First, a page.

Stevenage mum warns of child sex abuse signs during coronavirus lockdown after own sons were victims
- Credit: Archant
As the coronavirus lockdown creates “the perfect storm” for abusers, a Stevenage mum dedicated to protecting children from sexual predators after her own children were targeted is highlighting the warning signs.
Marilyn Hawes, founder of Freedom from Abuse, has been teaching parents and carers how to protect their children from sexual abuse since her three sons were sexually groomed and assaulted by their headteacher, who was also a family friend.
She said: “In this lockdown, staying at home is far from safe for many children.
“Peer-on-peer abuse now makes up 30 per cent of all reported child sexual abuse. If your child is seeking their own space, not wanting siblings in their room, accept it but ask why? Overly sexualised behaviours are part of peer-on-peer abuse. We all know about child’s play - show me yours and I will show you mine - but be sure where the line in the sand is.
“Sixty per cent of child sexual abuse occurs within the family. Please don’t ignore the fact there are many female paedophiles.
“If behaviour doesn’t feel right, stop and write down what you sensed or saw. Abusers groom and begin abusing in plain sight. Trust your instinct.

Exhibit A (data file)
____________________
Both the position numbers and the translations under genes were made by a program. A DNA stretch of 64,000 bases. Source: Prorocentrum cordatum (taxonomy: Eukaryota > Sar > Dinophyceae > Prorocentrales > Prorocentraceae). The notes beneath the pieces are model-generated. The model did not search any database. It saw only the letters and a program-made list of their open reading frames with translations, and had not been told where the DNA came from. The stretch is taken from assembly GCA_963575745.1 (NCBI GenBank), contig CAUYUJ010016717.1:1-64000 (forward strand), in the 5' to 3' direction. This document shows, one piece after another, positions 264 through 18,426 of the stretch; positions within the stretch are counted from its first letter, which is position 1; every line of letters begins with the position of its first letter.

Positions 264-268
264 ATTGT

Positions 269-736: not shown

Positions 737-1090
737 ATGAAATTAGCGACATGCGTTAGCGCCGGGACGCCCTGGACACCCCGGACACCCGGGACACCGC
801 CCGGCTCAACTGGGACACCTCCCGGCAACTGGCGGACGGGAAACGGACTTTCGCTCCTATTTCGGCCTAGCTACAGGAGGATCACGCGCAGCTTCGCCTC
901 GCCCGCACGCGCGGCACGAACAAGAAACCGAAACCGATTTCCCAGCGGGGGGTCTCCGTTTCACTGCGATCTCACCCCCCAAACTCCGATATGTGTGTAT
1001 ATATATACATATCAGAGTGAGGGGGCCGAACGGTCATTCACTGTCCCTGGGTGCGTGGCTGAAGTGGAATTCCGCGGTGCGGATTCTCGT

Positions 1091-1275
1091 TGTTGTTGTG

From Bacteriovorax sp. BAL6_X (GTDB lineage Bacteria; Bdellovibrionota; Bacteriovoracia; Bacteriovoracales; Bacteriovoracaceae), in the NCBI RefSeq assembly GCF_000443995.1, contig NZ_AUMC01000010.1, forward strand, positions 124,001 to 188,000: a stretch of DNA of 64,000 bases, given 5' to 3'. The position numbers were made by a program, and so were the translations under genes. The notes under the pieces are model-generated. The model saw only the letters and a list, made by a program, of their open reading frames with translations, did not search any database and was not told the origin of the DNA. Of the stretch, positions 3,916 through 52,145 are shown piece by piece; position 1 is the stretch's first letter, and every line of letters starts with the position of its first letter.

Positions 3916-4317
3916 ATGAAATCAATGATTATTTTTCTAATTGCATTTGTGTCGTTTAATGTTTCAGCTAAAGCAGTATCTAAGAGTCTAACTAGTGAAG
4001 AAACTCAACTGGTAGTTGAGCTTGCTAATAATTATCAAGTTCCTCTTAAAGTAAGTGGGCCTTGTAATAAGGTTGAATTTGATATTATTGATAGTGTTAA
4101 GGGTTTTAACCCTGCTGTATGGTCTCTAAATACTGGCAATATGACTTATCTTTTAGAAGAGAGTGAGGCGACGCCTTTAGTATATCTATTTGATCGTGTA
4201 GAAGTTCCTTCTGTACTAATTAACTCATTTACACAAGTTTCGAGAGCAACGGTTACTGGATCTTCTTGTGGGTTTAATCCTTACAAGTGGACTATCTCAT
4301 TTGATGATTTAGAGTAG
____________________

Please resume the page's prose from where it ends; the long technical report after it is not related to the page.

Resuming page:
“Warning signs can include seeking to be alone with a child, having a favourite, lap-sitting, exaggerated romping games, wanting to take photos and videos of a child, bringing gifts, insisting on a kiss, and a child developing a strong dislike for someone.”
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Marilyn is also acutely aware of the prevalence of online abuse. She said: “The internet was never created for youngsters as a platform for communication, which is why it isn’t safe.
“Many abusers connect on live streaming, as they can’t be tracked. Take devices out of bedrooms and ensure webcams are covered. Abusers use voice distorters and incredible disguises.”
Andy Burrows at the NSPCC added: “The lockdown has brewed a perfect storm for offenders to abuse children.
“Social media and gaming sites are proving to be a lifeline for parents and their children as they adapt to being at home, but there are heightened risks.
“It is more important than ever for parents to have regular conversations with their children about what they’re doing online.”
If you have concerns, you can call the NSPCC helpline on 0808 800 5000.